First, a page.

It was Washington’s good luck to have Sir James Galway in town for St. Patrick’s Day, when the renowned Irish flutist appeared at the Kennedy Center for a light but hugely entertaining concert of (mostly) Irish-themed music. From traditional folk tunes to a cheerful little jig for pennywhistle by (of all people) Henry Mancini, Galway played the charmer throughout the two-hour show, telling stories, sharing the stage with his flutist wife and a host of fine young accompanists, and displaying the astonishing virtuosity and vibrant tone that even now, at 73, he shows little sign of losing.
The afternoon was billed as Galway’s “Legacy Tour,” and given his rather robust self-regard (on his Web site, he calls himself “the supreme interpreter of the classical flute repertoire” and — oh, dear — “a legend”) you might have expected a program of important masterworks. But “legacy,” he explained, referred to music he had cherished all his life, works with a personal and even sentimental value.
There was some early Mozart (the lovely Quartet for Flute and Strings No. 1 in D, K. 285, given a spirited and affectionate reading) and a couple of splashy show-off pieces (including Francois Borne’s “Fantaisie Brillante [On Themes from Georges Bizet’s Carmen]”) that he tossed off with wit and almost casual virtuosity. Debussy’s ephemeral “Clair de Lune” was the only clunker of the concert — an oddly earthbound reading so sodden with vibrato it felt like a heap of wet laundry — but it was quickly redeemed by a pair of light-as-air dances from the baroque composers Marin Marais and Francois-Joseph Gossec.
The real heart of the afternoon, though, was in its second half, when Galway began to explore, in a personal and authentic way, his Irish roots. The centerpiece was a fantasy titled “In Ireland” by the early-20th-century composer Hamilton Harty, and Galway seemed to come completely into his own as he played this ravishing work — a genuinely heartfelt performance that alone was worth the price of admission.
A few Irish folk songs followed, including the poignant “She Moved Through the Fair,” before Galway moved back to lighter ground with the lively “Irlandaise” (from Claude Bolling’s “Suite for Flute and Jazz Piano”) and a pair of charming, Irish-flavored works by Henry Mancini — with Galway drawing the audience in for a raucous, full-throated reading of “Baby Elephant Walk.”
By Stephen Brookes • The Washington Post • March 17, 2013
It would be hard — make that nearly impossible — to find an American classical guitarist more influential than Sharon Isbin. Her jaw-dropping technique and lyrical interpretations have helped bring the guitar into the classical mainstream, and a rather spectacular array of new masterworks has been written expressly for her. So it was a treat to hear Isbin perform Friday night at the Church of the Epiphany, where she combined staples of the repertoire with newer works that pushed the guitar into provocative, edgy new realms.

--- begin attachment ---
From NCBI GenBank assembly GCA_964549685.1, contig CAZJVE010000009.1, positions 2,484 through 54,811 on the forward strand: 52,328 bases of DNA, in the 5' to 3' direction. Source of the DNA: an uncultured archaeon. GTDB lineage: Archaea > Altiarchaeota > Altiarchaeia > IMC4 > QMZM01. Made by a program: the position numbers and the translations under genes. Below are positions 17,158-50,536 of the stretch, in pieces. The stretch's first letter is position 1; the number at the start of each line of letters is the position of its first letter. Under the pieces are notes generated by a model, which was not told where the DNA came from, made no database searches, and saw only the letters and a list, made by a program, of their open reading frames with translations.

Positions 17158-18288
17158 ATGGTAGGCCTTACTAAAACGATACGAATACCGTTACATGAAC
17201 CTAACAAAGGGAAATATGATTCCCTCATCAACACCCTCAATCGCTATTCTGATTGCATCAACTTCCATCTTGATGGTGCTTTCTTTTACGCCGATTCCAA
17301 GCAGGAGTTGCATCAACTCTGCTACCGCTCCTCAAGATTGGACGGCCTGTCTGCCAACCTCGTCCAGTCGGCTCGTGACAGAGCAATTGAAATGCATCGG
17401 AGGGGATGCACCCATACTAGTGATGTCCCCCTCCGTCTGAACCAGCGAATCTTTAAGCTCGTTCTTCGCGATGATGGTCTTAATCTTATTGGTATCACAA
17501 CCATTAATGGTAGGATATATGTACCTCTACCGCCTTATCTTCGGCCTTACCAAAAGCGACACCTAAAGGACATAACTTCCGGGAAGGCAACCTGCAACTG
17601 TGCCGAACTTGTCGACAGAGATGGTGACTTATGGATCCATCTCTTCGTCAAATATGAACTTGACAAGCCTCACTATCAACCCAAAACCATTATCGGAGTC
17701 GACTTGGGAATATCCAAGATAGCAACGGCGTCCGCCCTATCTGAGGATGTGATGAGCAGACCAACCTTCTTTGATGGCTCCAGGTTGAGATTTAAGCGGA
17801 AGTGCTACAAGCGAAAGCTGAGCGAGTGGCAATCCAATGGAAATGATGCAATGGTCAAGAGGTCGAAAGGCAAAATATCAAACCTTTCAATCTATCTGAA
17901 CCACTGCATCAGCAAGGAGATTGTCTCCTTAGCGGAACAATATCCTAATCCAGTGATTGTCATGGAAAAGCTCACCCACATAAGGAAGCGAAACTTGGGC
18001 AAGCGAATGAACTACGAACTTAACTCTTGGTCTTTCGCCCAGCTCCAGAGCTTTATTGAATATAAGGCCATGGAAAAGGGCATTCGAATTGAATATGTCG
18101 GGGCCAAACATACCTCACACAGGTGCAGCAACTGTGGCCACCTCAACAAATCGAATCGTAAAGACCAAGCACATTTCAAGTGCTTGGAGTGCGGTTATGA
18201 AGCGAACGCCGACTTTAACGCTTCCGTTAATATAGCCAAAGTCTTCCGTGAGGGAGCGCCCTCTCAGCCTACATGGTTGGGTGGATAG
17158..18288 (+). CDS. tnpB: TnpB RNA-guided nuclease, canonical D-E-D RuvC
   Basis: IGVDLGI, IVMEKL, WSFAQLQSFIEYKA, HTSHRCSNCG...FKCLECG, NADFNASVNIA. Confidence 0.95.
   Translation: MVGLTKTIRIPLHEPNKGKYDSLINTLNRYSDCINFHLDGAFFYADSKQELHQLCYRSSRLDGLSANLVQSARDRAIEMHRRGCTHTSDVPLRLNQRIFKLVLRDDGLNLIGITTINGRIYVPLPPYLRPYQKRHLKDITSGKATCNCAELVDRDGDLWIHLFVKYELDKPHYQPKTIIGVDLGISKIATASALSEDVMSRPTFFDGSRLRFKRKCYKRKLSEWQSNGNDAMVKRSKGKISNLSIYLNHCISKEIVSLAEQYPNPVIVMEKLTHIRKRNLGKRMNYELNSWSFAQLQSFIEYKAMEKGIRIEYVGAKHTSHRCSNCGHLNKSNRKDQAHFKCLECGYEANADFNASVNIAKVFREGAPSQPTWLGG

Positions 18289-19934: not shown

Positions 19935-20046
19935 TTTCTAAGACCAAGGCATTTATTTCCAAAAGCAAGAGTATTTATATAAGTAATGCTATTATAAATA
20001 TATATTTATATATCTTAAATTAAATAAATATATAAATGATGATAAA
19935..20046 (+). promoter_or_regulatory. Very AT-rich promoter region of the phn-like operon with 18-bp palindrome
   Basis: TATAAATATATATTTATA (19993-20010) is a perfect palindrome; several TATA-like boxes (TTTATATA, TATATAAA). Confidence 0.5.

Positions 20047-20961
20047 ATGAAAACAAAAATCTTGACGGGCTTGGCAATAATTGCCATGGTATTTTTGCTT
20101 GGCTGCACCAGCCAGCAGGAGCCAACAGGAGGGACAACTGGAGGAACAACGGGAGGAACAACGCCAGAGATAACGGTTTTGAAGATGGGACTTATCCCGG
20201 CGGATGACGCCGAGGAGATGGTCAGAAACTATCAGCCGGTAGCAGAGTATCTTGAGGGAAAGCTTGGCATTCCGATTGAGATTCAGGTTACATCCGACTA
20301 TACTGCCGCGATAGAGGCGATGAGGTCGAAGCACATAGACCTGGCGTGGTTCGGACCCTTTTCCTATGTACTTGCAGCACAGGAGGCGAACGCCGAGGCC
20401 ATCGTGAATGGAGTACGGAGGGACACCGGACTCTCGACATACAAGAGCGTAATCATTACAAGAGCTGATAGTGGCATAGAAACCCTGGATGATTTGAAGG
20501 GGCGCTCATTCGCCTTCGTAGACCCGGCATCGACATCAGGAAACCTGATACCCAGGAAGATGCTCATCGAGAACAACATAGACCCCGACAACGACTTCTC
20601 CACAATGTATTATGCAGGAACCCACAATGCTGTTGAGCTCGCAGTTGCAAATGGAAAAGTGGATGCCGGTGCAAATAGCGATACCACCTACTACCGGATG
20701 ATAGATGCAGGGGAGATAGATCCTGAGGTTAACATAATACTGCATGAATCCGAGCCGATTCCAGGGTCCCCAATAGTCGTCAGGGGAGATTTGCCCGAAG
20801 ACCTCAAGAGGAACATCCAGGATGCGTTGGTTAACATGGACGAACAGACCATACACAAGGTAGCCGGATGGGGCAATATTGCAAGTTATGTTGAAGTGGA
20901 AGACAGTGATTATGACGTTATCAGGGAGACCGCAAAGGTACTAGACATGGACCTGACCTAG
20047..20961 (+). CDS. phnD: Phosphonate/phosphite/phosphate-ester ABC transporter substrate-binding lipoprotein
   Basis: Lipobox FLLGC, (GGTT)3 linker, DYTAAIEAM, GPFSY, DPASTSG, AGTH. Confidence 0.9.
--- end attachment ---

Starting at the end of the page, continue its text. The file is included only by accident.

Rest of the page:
The theme of the program was memory — “the composer looking back,” as Isbin put it — and there was a certain emotion-recollected-in-tranquillity tone to the evening. A genial little samba by Isaias Savio got things rolling, followed by Isaac Albeniz’s “Mallorca” and mesmerizing “Asturias,” light-filled works tossed off with great charm and color. But the music turned darker — and infinitely stranger — with Benjamin Britten’s “Nocturnal After John Dowland, Op. 70.” Dating from 1963, it’s a wildly imaginative masterpiece, a phantasmagoric journey through the feverish and often unsettling world of the subconscious. Isbin, who conjures an extraordinary palette of sound from her instrument, turned in a wonderfully shadowy reading that resolved with great tenderness into Dowland’s original theme. The effect was like waking from a deep and compelling dream.
The evening’s second half was nearly as intriguing. Bruce MacCombie’s “Nightshade Rounds,” with its shimmering cascades of repeated notes, was written for Isbin more than three decades ago but is still a delight, and Andrew York’s agreeable, folk-flavored “Andecy” served as a sort of resting spot among the more adventurous works on the program. And few new works are as adventurous as “Seven Desires for Guitar,” written for Isbin by the Chinese composer Tan Dun. Combining flamenco-style foot-stomping with the bent notes of the ancient Chinese pipa, it’s a freewheeling work with a kind of elemental energy and anything-goes, postmodern lack of inhibition. Agustin Barrios Mangore’s classic “La Catedral” closed the program, interrupted faintly — and a bit poetically — by the bells of the church.
By Stephen Brookes • The Washington Post • March 15, 2013
There was something of a reunion for alumni of the Curtis Institute of Music on Thursday night, when violinist Jennifer Koh (class of 2002) and her former teacher Jaime Laredo (’59) teamed up at the Terrace Theater with the Curtis Chamber Orchestra (under the baton of Curtis fellow Vinay Parameswaran) for a program that included a new work by — does it even need to be said? — a composer on the Curtis faculty.